Associations certainly don’t need to hire a full-time videographer to make quality video, but professional expertise will likely become necessary at some point.
The tools you’ll need to start building videos at your association.
Creating an in-house video studio is an investment, but one that will likely last for years. And it doesn’t have to break the bank. For $10,000, the California District Attorneys Association turned an office storage room into its studio by painting one wall green (for a green screen) and installing lights, a soundboard, and a computer.
According to Personify Vice President of Marketing Paul Gannon, who heads the company’s weekly video show, here’s what you’ll need to build a basic studio that can produce broadcast-quality video (all prices are approximate).—G.B.
Video Switcher or Mixer ($5,000): A switcher allows you to move between different cameras, titles, graphics, and video clips. With a switcher you can record your show or stream it live on the internet.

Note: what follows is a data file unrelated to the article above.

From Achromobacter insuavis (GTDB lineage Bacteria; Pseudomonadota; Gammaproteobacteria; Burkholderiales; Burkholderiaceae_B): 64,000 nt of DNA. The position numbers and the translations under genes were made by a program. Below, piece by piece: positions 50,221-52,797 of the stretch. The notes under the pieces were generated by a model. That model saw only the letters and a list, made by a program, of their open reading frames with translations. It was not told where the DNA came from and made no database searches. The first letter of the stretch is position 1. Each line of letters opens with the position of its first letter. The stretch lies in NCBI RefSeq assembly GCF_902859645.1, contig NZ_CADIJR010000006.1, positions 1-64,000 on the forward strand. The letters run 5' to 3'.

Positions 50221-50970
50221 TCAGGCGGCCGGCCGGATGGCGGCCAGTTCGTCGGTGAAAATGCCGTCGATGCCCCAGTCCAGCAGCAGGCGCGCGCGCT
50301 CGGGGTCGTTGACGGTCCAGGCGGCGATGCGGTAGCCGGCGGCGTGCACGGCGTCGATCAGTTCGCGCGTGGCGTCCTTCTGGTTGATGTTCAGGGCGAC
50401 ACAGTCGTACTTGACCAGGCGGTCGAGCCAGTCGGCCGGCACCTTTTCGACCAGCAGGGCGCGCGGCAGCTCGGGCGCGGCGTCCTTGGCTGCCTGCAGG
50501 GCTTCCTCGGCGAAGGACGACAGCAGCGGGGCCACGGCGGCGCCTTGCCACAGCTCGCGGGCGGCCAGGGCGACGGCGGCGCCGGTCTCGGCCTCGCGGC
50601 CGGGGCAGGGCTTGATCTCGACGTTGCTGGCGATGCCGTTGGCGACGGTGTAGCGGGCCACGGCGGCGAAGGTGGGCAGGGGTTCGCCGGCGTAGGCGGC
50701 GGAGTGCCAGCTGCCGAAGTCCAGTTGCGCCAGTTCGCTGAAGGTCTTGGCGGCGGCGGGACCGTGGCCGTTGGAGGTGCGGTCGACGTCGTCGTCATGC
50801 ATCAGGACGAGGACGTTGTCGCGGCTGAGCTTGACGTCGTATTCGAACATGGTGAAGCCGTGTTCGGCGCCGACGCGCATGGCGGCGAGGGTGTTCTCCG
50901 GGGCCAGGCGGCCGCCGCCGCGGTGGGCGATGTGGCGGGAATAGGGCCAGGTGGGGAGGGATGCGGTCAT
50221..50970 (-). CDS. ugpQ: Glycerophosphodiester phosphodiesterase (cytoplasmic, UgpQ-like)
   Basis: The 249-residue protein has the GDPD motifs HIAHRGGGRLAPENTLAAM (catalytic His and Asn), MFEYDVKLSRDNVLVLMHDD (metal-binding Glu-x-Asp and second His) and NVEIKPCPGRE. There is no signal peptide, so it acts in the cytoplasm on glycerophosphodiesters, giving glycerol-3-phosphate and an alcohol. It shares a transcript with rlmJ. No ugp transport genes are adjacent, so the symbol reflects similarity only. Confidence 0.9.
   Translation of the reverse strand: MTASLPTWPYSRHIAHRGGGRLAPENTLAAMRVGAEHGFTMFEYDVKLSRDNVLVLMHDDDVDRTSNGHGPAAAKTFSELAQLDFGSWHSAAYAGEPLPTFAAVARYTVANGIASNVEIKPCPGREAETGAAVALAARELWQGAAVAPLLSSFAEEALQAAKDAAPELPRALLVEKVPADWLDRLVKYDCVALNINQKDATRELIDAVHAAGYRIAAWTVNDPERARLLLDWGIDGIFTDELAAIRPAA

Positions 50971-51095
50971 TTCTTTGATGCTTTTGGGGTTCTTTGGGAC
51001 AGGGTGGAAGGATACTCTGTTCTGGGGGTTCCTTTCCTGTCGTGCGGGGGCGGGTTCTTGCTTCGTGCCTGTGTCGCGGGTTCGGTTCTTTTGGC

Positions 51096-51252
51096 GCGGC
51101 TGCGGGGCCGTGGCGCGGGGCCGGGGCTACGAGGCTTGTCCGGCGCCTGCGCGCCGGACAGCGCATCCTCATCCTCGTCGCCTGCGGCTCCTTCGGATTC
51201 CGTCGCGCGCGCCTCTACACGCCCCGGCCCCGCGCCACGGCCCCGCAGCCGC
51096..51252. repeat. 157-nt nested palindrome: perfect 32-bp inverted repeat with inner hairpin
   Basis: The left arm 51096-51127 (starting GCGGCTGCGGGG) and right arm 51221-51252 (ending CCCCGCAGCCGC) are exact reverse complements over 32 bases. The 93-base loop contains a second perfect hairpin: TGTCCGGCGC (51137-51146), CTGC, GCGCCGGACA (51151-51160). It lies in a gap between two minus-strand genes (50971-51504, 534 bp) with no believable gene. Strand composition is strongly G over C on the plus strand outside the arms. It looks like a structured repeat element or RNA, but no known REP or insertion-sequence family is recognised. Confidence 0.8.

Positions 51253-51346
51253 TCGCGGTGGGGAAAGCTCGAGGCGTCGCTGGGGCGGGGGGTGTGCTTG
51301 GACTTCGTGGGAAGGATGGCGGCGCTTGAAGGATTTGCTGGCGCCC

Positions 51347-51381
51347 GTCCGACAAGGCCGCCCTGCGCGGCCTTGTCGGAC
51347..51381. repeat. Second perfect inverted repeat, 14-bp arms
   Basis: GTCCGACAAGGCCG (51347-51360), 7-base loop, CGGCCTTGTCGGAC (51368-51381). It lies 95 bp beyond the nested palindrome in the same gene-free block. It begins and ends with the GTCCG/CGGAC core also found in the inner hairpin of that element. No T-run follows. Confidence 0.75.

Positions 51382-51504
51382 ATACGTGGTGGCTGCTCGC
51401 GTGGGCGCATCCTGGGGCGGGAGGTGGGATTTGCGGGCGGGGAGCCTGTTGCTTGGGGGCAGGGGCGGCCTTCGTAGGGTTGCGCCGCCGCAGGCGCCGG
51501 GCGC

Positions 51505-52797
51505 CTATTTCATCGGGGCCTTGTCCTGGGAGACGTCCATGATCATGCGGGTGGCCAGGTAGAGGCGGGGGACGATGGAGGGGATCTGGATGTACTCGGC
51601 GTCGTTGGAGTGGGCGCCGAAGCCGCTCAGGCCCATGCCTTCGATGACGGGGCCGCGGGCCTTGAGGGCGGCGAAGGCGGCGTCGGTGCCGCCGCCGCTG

Cameras ($1,500 each): Multiple camera angles are probably the best way to improve the visual quality of your broadcast or recording. Start with two cameras and work your way up.
Microphones ($100–$350 each) Each person appearing in a video segment will need a microphone. Wired, handheld microphones can be purchased for less than $100, but a wireless lavaliere microphone is a good investment.
Lights ($200 each): Plan on purchasing an LED key light and a fill light.
Audio Mixer ($100): You’ll need to mix your different audio feeds in the audio mixer before sending it to the video mixer.
Accessories ($500–$1,000): You’ll need a tripod for each camera, a stand for each light, and a handful of different cords and other accessories.
Video Hosting ($200 per year): YouTube is free, but a video-hosting platform, such as Vimeo, provides better integration with your website and allows you to reap the benefits of improved SEO.